Microsoft CEO Satya Nadella promises “One Windows” in place of three, but should that be two?

Microsoft released its latest financial results yesterday, on which I will post separately. However, this remark from the earnings call transcript (Q&A with financial analysts) caught my eye:

In the year ahead, we are investing in ways that will ensure our Device OS and first party hardware align to our core. We will streamline the next version of Windows from three Operating Systems into one, single converged Operating System for screens of all sizes. We will unify our stores, commerce and developer platforms to drive a more coherent user experiences and a broader developer opportunity. We look forward to sharing more about our next major wave of Windows enhancements in the coming months.

What are the three versions of Windows today? I guess, Windows x86, Windows RT (Windows on ARM), and Windows Phone. On the other hand, there is little difference between Windows x86 and Windows RT other than that Windows RT runs on ARM and is locked down so that you cannot install desktop apps. The latter is a configuration decision, which does not make it a different operating system; and if you count running on ARM as being a different OS, then Windows Phone will always be a different OS unless Microsoft makes the unlikely decision to standardise on x86 on the phone (a longstanding relationship with Qualcomm makes this a stretch).

Might Nadella have meant PC Windows, Windows Phone and Xbox? It is possible, but the vibes from yesterday are that Xbox will be refocused on gaming, making it more distinct from PC and phone:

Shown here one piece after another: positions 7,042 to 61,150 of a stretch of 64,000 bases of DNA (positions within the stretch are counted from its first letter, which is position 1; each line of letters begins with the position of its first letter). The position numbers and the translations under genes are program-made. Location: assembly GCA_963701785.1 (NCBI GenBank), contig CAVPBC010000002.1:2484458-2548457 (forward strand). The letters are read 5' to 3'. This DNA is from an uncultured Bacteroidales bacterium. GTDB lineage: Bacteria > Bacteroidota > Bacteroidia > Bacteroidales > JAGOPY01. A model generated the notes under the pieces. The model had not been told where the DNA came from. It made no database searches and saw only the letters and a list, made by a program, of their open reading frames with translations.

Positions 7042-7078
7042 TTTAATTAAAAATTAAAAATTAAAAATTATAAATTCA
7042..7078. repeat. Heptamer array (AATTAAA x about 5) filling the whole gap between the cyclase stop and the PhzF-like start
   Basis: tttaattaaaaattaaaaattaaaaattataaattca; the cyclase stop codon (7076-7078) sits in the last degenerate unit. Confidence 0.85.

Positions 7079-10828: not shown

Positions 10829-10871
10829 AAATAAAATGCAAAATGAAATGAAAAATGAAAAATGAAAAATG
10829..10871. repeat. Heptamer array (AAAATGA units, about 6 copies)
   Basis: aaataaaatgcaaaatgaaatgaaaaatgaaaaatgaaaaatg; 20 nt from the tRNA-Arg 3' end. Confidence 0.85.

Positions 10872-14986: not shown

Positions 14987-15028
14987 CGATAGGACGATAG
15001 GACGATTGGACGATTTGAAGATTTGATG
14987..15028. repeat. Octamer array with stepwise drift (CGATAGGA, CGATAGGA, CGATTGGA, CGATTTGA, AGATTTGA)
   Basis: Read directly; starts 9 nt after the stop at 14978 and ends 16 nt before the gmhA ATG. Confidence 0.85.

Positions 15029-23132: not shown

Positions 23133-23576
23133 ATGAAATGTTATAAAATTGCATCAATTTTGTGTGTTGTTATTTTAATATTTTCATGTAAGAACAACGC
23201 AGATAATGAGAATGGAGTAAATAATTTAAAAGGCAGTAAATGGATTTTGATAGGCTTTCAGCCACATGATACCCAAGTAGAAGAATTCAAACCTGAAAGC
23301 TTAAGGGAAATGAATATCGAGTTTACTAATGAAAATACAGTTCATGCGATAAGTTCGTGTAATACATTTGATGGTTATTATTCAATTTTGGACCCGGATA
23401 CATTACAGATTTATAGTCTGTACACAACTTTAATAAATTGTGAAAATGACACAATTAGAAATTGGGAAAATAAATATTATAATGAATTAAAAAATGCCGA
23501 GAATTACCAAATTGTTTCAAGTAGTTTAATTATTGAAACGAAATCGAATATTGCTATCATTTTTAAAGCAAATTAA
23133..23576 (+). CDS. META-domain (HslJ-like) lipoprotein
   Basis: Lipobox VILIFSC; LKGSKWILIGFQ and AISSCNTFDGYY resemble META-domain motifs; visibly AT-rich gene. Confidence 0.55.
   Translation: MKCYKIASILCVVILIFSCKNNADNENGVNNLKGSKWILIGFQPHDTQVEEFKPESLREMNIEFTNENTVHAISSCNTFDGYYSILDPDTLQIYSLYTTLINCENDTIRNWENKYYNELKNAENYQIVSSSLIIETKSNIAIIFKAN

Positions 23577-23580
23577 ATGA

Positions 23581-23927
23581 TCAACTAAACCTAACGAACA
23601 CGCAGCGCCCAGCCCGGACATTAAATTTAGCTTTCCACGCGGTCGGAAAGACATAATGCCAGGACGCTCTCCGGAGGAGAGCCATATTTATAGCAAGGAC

We made the decision to manage Xbox to maximize enterprise value with a focus on gaming. Gaming is the largest digital life category in a mobile first, cloud first world. It’s also the place where our past success, revered brand and passionate fan base present us a special opportunity.

With our decision to specifically focus on gaming we expect to close Xbox Entertainment Studios and streamline our investments in Music and Video. We will invest in our core console gaming and Xbox Live with a view towards the broader PC and mobile opportunity.

said Nadella.

As a further aside, what does it mean to “manage Xbox to maximize enterprise value”? It is not a misprint, but perhaps Nadella meant to say entertainment? Or perhaps the enterprise he has in mind is Microsoft?

Never mind; the real issue issue is about the development platform and making it easier to build applications for PC, phone and tablets without rewriting all your code. That is the promise of the Universal App announced earlier this year at the Build conference.

That sounds good; but remember that Windows 8.x is two operating systems in one. There is the desktop side which is what most of us use most of the time, and the tablet side (“Metro”) which is struggling. Universal Apps run on the tablet side. The desktop side has different frameworks and different capabilities, making it in effect a separate platform for developers.

“One Windows” then is not coming soon. But we might be settling on two.

2 thoughts on “Microsoft CEO Satya Nadella promises “One Windows” in place of three, but should that be two?”

  1. It’s possible that Microsoft plans to let you run metro style apps in desktop mode, letting you take advantage of the windows store for deployment and the better isolation that metro style apps currrently offer. This would, in a way, offer a write once run on any windows experince. However, the UI difference between desktop mode, where most users are using a mouse and keyboard and probably multiple screens, and phones/tablets, where it’s a single, relatively small, touch screen, will still mean your going need to maintain two versions of your UI.

  2. “Enterprise value” is a financial term, equal to market cap plus debt minus cash. It is the actual price that an acquirer would pay to buy a company, because it would pay off the debt and siphon off the cash.

    To speculate on what that means: Now that Xbox is finally profitable, Nadella does not intend to waste the money on wild goose chases, such as Xbox Entertainment Studios. Instead, he would like to spend it where it could earn a better return on investment. That may mean taking the money out of Xbox and spending it on Azure.

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